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Israeli Prime Minister Benjamin Netanyahu on Monday accused Iran of lying about its past nuclear weapons ambitions, claiming that the government continues to pursue nuclear weapons development. In Tel Aviv, Netanyahu urged President Trump to pull the U.S. out of the deal. William Brangham talks with David Albright of the Institute for Science and International Security.
Israel's Prime Minister Benjamin Netanyahu today accused Iran's government of "brazenly lying" about its past nuclear weapons ambitions.
Speaking in Tel Aviv today, Netanyahu said recovered documents prove that Tehran did have a secret nuclear weapons program before it signed the Iran nuclear deal in 2015.
He also claimed that Iran's government is continuing to pursue nuclear weapons development, and he urged President Trump to pull the U.S. out of the deal before the upcoming May 12 deadline.
So, this is a terrible deal. It never should have been concluded. And in a few days' time, President Trump will decide, will make a decision on what to do with the nuclear deal. I'm sure he will do the right thing, the right thing for the United States, the right thing for Israel and the right thing for the peace of the world.
Minutes later, Mr. Trump held a joint news conference alongside Nigeria's president.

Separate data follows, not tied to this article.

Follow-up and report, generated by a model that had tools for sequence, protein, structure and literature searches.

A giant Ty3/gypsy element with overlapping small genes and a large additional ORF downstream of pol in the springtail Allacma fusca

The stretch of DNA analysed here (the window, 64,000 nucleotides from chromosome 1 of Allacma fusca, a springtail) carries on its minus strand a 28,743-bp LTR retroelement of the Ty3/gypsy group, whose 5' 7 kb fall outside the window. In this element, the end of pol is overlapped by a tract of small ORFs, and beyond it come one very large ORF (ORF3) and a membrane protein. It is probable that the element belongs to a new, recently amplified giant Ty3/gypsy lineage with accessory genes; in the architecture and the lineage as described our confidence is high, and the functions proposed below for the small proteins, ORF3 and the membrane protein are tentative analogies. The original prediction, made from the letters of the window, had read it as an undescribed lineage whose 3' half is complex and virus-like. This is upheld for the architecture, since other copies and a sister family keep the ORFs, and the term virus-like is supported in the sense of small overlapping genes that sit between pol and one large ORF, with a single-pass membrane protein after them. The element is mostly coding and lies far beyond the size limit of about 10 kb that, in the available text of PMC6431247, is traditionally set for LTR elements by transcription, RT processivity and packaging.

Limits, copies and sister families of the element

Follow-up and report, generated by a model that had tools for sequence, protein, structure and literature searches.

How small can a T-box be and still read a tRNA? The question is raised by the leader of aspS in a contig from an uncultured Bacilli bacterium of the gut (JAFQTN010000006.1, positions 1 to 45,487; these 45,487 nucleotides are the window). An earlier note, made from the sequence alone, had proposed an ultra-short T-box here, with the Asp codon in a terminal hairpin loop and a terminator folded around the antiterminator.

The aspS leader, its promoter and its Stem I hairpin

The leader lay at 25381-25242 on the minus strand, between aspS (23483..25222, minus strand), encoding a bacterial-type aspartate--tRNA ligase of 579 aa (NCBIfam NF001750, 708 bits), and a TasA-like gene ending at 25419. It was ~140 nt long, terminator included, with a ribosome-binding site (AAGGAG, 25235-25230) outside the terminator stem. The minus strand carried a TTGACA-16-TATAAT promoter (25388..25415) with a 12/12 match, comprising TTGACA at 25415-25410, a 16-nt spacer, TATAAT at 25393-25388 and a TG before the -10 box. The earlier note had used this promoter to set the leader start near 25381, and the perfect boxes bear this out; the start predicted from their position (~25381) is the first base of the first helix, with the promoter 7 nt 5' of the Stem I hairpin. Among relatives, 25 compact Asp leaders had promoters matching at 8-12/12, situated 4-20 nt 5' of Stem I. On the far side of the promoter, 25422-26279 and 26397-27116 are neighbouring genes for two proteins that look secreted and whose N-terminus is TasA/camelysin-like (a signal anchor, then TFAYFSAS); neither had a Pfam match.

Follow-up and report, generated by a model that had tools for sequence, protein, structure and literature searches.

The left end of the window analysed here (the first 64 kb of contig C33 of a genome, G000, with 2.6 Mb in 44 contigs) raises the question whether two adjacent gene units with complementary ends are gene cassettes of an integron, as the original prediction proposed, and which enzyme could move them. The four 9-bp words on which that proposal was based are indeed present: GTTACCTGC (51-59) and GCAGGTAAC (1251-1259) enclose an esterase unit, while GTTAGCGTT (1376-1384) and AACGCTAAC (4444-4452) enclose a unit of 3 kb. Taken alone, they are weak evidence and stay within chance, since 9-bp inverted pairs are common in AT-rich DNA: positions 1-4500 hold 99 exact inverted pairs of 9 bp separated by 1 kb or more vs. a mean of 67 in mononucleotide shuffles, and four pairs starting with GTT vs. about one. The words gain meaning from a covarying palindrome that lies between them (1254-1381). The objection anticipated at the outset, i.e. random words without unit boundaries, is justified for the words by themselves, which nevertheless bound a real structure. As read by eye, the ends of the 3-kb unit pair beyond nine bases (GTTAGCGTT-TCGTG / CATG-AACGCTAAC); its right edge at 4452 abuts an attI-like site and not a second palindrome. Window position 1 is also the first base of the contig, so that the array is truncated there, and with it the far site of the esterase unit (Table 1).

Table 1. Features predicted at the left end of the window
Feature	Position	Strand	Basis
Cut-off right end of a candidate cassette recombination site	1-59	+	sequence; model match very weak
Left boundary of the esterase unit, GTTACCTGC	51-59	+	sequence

Mr. Trump, who spoke with Netanyahu by phone last night, added that today's presentation only added to his own skepticism of the Iran deal.
President Donald Trump:
I'm not telling you what I'm doing, but a lot of people think they know. And on or before the 12th, we will make a decision.
That doesn't mean we won't negotiate a real agreement. I think, if anything, what's happening today and what's happened over the last little while and what we have learned has really shown that I have been 100 percent right.
Iranian officials denounced Netanyahu. And a state-run news agency in Iran said he is "famous for ridiculous shows."
For more on all this, William Brangham is back.
So, does Israel's presentation today add to our understanding of Iran's nuclear ambitions, and what does this mean for the Iran deal going forward?
For that, I'm joined now by physicist and former arms control inspector David Albright. He's currently president of the Institute for Science and International Security.
Welcome back to the "NewsHour."
Good to be here.
So, that was quite a presentation that Netanyahu put on today.
The Israelis allegedly got into this secret building in Tehran and got out tens of thousands of documents and files pertaining to Iran's older nuclear program. First off, do you believe that this cache that they have is real and, if so, what does this tell us? How big a deal is this?
Well, it's hard to know.
Is it real? The Israelis make it clear that the U.S. will vouch for it. The U.S. has the complete set. So I would start by assuming it is real. And the Israelis are quite capable of getting into Tehran.
It's pretty remarkable what they did to get into a warehouse and remove that much information and get it out of Iran, so it's quite an intelligence coup.
And it is a — Israelis make it clear, it's a huge amount of information. It surprised them how wide and deep the Iranian nuclear weapons program, just how many things they didn't know about, I mean, is a constant message today from the Israelis.
So — and they have only begun the assessment. They have obtained these documents, they said, several weeks ago.
Some people have been pointing out today that some of the details that Netanyahu addressed are not necessarily new, the scientists involved, the name of the original program, that we knew a lot of this information already.